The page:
Anna and I took the first assembly together. The students behaved impeccably. Attendance was around 75 per cent, so there were about 170 in the hall. I introduced the two of us, making a joke of my celebrity status.We operated as a double act.
"Things have now changed", I explained as they listened, politely and attentively. "We're here to ensure that there'll be no return to the shambles of the previous weeks. It's not in your interests, and it won't be allowed to happen. I have excluded some students who will return if they promise to behave, but some others will not return. We want to work with you to rebuild the school."
I read out sections of the OFSTED report that were positive about the teaching and the behaviour of pupils, telling them, "It's not all bad - there are plenty of good things about the school that together we can build on."
When they heard that we had abandoned the hated DFL [Discipline for Learning policy] there was an audible sigh of relief and smiles all round. We handed out new guidelines on our "Positive Behaviour Policy", which emphasised taking responsibility for looking after oneself, each other and the environment of the school. I told them, "This is the new deal. It's not all about punishment; rewards will be introduced to reinforce good behaviour. But there will be a range of sanctions, including tellings-off, detentions, and so on, not simply isolation and exclusion. "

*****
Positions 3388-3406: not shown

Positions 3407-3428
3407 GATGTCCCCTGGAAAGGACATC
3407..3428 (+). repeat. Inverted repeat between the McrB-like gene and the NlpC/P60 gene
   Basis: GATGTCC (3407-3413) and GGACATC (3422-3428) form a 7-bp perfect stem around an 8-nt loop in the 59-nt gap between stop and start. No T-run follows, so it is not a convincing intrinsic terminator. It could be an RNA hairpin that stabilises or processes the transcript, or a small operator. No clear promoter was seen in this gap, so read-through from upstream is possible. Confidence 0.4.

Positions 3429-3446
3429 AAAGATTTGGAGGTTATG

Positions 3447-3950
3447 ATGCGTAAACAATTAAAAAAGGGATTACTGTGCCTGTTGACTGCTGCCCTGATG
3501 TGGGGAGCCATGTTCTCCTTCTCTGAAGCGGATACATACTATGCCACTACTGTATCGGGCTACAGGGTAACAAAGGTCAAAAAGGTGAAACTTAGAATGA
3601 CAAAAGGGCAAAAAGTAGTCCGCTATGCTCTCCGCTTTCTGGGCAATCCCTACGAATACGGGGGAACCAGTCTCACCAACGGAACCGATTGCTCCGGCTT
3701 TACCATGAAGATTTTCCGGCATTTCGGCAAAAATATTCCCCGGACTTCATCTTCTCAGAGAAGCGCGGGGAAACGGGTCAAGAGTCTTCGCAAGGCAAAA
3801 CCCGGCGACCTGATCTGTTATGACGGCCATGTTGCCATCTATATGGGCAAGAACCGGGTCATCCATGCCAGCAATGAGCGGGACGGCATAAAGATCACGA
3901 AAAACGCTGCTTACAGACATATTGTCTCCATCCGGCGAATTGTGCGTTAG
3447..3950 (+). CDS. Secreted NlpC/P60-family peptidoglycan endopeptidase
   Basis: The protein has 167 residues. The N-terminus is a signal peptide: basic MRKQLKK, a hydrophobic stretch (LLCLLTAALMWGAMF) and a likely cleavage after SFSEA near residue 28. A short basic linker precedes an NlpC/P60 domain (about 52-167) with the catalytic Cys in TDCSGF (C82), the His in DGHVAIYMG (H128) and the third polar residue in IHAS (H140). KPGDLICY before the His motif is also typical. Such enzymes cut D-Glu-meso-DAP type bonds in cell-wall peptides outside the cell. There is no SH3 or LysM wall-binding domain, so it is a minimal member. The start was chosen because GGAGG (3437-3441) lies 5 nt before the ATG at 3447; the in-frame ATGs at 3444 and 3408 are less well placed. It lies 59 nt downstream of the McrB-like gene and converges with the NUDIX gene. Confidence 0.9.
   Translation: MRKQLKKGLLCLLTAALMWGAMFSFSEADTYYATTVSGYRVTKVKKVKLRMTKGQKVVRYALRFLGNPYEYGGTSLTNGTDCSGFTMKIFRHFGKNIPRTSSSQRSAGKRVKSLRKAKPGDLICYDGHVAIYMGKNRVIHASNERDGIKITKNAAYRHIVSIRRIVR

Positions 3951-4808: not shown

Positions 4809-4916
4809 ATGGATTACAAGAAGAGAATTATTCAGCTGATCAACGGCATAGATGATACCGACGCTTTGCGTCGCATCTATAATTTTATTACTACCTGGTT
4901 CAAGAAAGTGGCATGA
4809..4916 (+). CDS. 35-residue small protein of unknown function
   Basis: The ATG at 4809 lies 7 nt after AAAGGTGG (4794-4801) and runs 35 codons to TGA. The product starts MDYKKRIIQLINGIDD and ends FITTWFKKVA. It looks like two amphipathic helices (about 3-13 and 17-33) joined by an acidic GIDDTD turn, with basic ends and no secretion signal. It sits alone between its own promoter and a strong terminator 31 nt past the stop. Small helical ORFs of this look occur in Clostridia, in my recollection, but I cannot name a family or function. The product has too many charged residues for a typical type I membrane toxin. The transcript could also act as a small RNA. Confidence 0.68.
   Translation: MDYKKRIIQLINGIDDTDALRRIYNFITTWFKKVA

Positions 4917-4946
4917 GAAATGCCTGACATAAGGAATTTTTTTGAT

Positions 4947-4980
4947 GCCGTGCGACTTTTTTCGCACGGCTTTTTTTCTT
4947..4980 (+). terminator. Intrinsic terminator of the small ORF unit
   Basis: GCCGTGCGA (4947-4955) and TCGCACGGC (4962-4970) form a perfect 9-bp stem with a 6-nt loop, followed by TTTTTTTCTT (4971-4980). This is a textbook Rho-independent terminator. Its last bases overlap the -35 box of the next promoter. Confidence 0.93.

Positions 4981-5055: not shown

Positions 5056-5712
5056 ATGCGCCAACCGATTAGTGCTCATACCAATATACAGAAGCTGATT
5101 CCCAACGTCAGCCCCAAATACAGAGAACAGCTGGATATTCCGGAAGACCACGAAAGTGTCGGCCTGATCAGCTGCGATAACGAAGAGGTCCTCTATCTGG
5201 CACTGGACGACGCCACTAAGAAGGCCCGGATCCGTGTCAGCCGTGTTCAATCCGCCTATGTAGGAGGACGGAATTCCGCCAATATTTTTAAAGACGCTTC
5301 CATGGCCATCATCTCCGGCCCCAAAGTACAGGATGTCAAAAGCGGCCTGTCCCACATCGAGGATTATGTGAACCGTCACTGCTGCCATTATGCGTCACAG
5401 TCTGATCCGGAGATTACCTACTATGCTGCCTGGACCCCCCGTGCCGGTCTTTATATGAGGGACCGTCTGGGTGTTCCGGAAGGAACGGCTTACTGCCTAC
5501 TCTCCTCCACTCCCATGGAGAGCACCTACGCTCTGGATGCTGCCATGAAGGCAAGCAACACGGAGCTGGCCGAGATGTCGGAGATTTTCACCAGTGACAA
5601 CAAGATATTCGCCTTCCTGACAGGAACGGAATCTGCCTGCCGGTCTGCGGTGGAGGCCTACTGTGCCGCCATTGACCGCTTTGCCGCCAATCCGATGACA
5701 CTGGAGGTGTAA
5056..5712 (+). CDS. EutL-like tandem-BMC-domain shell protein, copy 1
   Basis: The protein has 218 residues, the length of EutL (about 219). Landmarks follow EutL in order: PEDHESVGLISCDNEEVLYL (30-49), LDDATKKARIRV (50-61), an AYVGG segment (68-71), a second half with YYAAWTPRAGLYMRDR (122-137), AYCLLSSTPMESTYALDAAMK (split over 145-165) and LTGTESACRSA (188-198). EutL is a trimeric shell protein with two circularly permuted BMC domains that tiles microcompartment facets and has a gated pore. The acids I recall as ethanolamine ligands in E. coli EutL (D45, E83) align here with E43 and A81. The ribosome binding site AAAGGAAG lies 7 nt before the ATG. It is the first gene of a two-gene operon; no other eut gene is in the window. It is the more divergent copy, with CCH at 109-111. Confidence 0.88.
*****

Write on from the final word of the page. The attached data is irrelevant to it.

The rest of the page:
Anna carried on to outline our other plans. "We plan to set up a school council to look, with your help, to amend the behaviour policy over time and suggest other improvements." She also explained the purpose of the locks [on corridors] and extra staff. "It's to make the school a better and safer place to attend,"she said. "Other schools are carpeted, why shouldn't you have the best?" We ended by saying that we had every confidence that they would play their part . . .